A more interesting, and perhaps the most sincere, type of anticorruption effort by a ”corrupt” leader has been the implementation of anticorruption reforms at lower levels of government. Rather than use anticorruption reform primarily as a means to expand power, these leaders implement policies that don’t really deal with high-level corruption, but nonetheless genuinely attempt to clean up local bureaucracies. A perfect example comes from Brazil, during the regime of President Luiz Inacio da Silva (known as Lula), who served as President from 2003-2011. Although Lula was repeatedly accused of corruption while he was President (and was recently indicted for a fifth time), he and his party championed anticorruption reforms at the municipal level, including participatory budgeting and greater accountability for federal disbursements, enforced by random audits of municipal governments (see here, for example). Similarly, President Rafael Correa of Ecuador (who has been repeatedly accused of corruption and indirectly linked through family member accounts exposed by the Panama Papers) pushed for the creation of the Ministry of Transparency and Social Control in the 2008 Constitution, and also issued a decree that created the National Secretary for Transparency, both to investigate and denounce corruption in the public sector. President Correa also successfully reformed a number of low-level bureaucratic agencies in order to reduce bribery in basic service delivery. Both Lula and Correa ran on campaigns promising to reduce corruption, but their administrations were widely perceived as quite corrupt. Nonetheless, they did push for meaningful anticorruption reforms—but they focused their reforms exclusively on lower-level citizen-facing agencies. These reforms materially reduced the day-to-day exposure to and perception of corruption for voters. Although these reforms may have also served political purposes (to superficially fulfill campaign promises while sparing senior leadership from investigation), they ultimately had a positive and meaningful impact.
The Born-Again Reformer
Born-Again Reformers are leaders who engaged in corruption or rose to power in a system that was profoundly corrupted and then “saw the light.” Their first-hand expertise in corruption and their conversion narrative can give them a unique level of credibility and political leverage when enacting anticorruption reforms. Nigerian President Muhammadu Buhari stands out as a prime example of a corrupt politician turned anticorruption champion. When Buhari first became president in the early 1980s, he enacted some anticorruption reforms, but allegedly implemented them selectively with political aims in mind (much like a Power Player) and was also repeatedly accused of personal enrichment. Almost 20 years after being overthrown, Buhari was again elected to the presidency and quickly set out to reduce corruption by launching dozens of investigations that have led to several high profile arrests. Buhari’s anticorruption campaign has proved politically popular and his efforts have been remarkably successful (though there has been significant resistance by elites and clear institutional weaknesses to overcome).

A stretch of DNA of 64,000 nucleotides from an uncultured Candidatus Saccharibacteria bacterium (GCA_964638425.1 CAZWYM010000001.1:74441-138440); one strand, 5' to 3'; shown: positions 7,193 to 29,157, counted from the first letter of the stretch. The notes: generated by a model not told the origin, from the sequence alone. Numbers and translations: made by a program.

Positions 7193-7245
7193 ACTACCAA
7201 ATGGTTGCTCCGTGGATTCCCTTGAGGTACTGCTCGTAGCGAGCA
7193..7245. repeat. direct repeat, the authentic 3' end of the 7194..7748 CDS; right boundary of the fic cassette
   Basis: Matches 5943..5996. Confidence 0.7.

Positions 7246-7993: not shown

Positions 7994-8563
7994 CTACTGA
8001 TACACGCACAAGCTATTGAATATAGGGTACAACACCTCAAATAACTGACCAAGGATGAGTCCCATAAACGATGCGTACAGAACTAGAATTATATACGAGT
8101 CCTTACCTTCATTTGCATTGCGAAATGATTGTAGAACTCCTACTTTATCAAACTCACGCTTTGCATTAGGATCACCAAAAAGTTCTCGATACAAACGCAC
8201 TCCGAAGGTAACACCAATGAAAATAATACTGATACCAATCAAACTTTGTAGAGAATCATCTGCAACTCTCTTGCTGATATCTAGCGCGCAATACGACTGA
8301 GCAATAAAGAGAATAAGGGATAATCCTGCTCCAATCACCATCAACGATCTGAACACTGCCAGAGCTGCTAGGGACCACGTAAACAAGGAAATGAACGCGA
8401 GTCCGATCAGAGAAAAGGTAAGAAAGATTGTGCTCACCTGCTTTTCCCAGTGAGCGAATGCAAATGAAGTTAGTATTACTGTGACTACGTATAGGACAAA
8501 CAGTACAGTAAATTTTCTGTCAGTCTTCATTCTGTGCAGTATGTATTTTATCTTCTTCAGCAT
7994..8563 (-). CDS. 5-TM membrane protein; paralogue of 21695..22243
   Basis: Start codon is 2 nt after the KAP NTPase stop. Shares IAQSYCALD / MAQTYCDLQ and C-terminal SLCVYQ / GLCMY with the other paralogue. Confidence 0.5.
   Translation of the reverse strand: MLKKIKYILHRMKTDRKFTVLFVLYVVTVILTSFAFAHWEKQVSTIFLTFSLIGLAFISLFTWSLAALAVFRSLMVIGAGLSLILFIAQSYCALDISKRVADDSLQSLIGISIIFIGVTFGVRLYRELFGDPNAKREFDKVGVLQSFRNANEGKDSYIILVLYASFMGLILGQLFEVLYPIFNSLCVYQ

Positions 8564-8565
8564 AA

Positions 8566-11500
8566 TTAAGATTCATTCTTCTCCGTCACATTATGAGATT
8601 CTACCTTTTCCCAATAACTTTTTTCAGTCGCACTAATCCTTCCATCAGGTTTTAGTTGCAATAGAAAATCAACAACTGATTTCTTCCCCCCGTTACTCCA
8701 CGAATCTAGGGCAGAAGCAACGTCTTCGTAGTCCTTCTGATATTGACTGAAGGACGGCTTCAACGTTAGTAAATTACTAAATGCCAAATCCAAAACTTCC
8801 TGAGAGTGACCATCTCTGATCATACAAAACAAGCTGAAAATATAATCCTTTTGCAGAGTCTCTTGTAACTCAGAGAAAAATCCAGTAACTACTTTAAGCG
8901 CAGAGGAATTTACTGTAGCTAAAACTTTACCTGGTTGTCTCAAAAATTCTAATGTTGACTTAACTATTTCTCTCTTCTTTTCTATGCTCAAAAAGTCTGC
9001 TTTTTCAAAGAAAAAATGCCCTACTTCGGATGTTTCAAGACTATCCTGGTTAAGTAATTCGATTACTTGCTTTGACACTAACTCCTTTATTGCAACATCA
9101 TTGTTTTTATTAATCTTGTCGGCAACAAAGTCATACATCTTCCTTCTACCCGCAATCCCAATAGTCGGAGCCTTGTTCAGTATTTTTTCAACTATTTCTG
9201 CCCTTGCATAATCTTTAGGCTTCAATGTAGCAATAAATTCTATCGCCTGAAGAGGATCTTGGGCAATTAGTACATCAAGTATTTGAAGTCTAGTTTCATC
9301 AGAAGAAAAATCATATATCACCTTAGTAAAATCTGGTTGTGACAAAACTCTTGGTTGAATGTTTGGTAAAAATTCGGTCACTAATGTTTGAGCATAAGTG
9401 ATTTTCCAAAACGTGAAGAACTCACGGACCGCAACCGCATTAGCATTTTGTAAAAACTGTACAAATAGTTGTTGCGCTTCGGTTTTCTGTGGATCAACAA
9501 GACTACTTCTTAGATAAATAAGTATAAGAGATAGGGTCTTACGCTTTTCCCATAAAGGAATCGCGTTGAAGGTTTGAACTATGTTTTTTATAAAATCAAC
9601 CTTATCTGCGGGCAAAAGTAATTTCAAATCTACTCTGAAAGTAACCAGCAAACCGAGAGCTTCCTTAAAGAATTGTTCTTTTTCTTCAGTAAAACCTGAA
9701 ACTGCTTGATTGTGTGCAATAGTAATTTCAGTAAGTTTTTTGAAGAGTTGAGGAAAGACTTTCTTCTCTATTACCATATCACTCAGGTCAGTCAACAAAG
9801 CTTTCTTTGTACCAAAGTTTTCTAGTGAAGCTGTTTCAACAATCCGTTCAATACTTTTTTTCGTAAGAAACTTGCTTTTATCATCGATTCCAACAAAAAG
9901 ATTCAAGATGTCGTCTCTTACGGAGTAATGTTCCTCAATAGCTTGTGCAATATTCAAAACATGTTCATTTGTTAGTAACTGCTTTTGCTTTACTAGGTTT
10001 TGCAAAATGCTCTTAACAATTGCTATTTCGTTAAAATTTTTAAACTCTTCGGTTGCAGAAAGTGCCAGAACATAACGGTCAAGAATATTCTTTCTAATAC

The Role of Civil Society
Although there seem to be a variety of factors motivating corrupt politicians to enact reforms, civil society organizations perform a crucial role. For Born-Again Reformers, without the pressure exerted by voters and civil society organizations (who directly advocate for reforms and help create an environment where corruption has a negative branding impact), they would neither feel compelled to clean up their image or have the necessary support to implement their newfound anticorruption zeal. Similarly, although Top-Down Directors might not be willing to implement reforms at the highest levels of government, their anticorruption campaign promises can only be accomplished with the support of the press and vigilant civil society organizations ensuring that bureaucracies actually reduce low-level bribery. And although Power Players often don’t enact authentic corruption reforms, sometimes they do so incidentally, and civil society can harness these self-interested efforts and redirect them. Relying on self-interested political leaders to champion anticorruption reform is likely not the best strategy to drive an anticorruption agenda forwards, but rather, as this blog and others have noted, a vibrant press and a developed network of government watchdogs and advocacy organizations are the key ingredients that can potentially push any leader, no matter how corrupt, to implement reforms.